Abstract: This paper studies the evolution of behavior governing strategic network formation. I first propose a general framework of evolutionary selection in non-cooperative games played in heterogeneous groups under assortative matching. I show that evolution selects strate-gies that (i) execute altruistic actions towards others in the interaction group with rate of altruism equal to the rate of assortative matching and (ii) are stable against pairwise coali-tional deviations under two qualifications: pairs successfully coordinate their deviations with probability equaling the rate of assortative matching and externalities are taken into account with the same weight. I then restrict the domain of interaction games to strategic network formation and define a new stability concept for networks called ‘evolutionarily stable networks’. The concept fuses ideas of solution concepts used by evolutionary game theory and network formation games. In a game of communication, evolutionarily stable networks prescribe equal information access. In the classic co-authorship game only the least efficient network, the complete network, is evolutionarily stable. Finally, I present an evolutionary model of homophilistic network formation between identity groups and show that extreme high degrees of homophily may persist even in groups with virtually no preference for it; thus societies may struggle to eliminate segregation between identity groups despite becoming increasingly tolerant.
    Keywords: Networks; evolution; relatedness; stability, homophily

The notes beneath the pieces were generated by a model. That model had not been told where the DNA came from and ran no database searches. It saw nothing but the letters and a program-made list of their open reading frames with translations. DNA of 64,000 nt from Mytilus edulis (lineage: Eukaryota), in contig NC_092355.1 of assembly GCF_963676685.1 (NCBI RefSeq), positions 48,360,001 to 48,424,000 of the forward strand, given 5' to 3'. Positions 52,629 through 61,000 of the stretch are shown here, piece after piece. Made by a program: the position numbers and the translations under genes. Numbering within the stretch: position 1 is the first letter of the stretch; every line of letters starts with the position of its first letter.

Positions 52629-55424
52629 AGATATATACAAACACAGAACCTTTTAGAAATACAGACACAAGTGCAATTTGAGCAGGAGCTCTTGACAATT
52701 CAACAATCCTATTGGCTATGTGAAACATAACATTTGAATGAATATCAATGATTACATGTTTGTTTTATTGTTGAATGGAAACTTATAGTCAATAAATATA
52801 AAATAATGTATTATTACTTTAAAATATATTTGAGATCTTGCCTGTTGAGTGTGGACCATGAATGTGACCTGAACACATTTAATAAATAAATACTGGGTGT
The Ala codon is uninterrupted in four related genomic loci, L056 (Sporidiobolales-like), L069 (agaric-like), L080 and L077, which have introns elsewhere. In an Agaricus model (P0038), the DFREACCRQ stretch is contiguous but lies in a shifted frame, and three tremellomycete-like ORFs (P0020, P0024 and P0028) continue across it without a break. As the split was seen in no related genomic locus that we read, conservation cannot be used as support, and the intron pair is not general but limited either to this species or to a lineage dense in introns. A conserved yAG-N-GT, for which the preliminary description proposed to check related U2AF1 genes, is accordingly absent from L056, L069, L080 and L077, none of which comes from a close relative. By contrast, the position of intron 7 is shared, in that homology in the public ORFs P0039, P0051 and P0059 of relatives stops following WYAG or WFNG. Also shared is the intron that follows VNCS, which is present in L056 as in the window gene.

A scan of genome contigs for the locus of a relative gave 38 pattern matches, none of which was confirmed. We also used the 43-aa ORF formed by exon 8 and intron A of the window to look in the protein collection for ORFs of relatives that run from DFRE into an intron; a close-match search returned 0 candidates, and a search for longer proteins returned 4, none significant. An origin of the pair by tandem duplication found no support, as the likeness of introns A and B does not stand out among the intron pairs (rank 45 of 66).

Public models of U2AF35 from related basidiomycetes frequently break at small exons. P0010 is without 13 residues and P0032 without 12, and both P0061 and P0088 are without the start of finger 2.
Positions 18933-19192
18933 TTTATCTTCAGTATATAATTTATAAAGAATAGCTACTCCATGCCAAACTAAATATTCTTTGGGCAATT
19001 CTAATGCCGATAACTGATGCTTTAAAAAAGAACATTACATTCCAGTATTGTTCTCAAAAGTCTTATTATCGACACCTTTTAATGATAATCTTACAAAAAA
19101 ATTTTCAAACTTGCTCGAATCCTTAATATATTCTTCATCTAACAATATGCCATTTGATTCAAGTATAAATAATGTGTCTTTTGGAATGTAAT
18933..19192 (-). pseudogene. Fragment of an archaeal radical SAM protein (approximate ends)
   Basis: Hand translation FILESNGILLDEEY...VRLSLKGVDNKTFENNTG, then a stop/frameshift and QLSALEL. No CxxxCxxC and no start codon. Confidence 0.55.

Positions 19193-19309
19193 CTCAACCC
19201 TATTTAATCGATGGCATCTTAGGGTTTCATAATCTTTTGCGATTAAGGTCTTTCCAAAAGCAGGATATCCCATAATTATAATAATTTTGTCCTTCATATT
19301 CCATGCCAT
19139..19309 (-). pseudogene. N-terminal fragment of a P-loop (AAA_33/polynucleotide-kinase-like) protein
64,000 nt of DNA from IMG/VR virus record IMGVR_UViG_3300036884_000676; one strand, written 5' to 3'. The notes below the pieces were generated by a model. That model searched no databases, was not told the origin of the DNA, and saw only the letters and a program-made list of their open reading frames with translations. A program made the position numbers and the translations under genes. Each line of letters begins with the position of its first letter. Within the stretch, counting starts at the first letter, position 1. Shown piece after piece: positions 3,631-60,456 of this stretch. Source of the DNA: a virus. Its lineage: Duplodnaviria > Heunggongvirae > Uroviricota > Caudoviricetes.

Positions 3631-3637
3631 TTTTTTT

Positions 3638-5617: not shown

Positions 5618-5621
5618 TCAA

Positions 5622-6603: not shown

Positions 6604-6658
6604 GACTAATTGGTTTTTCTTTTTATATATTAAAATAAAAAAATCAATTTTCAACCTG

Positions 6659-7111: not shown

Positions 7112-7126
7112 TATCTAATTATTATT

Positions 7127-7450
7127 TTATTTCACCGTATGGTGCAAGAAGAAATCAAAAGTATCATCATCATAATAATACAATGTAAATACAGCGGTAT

JEL: C73 D85
    Date: 2023–11–20
  3. By: Davide Radi; Laura Gardini
    Abstract: The global dynamics is investigated for a duopoly game where the perfect foresight hypothesis is relaxed and firms are worst-case maximizers. Overlooking the degree of product substitutability as well as the sensitivity of price to quantity, the unique and globally stable Cournot-Nash equilibrium of the complete-information duopoly game, loses stability when firms are not aware if they are playing a duopoly game, as it is, or an oligopoly game with more than two competitors. This finding resembles Theocharis' condition for the stability of the Cournot-Nash equilibrium in oligopolies without uncertainty. As opposed to complete-information oligopoly games, coexisting attractors, disconnected basins of attractions and chaotic dynamics emerge when the Cournot-Nash equilibrium loses stability. This difference in the global dynamics is due to the nonlinearities introduced by the worst-case approach to uncertainty, which mirror in bimodal best-reply functions. Conducted with techniques that require a symmetric setting of the game, the investigation of the dynamics reveals that a chaotic regime prevents firms from being ambiguity averse, that is, firms are worst-case maximizers only in the quantity-expectation space. Therefore, chaotic dynamics are the result and at the same time the source of profit uncertainty.
    Date: 2023–11
  4. By: Cédric Argenton (CentER & TILEC, Tilburg University); Radosveta Ivanova-Stenzel (TU Berlin); Wieland Müller (VCEE, University of Vienna, CentER & TILEC, Tilburg University)
    Abstract: We conduct a series of Cournot duopoly market experiments with a high number of repetitions and fixed matching. Our treatments include markets with (a) complete cost symmetry and complete information, (b) slight cost asymmetry and complete information, and (c) varying cost asymmetries and incomplete information. For the case of complete cost symmetry and complete information, our data confirm the well-known result that duopoly players achieve, on average, partial collusion. However, as soon as any level of cost asymmetry or incomplete information is introduced, observed average individual quantities are remarkably close to the static Bayes-Nash equilibrium predictions.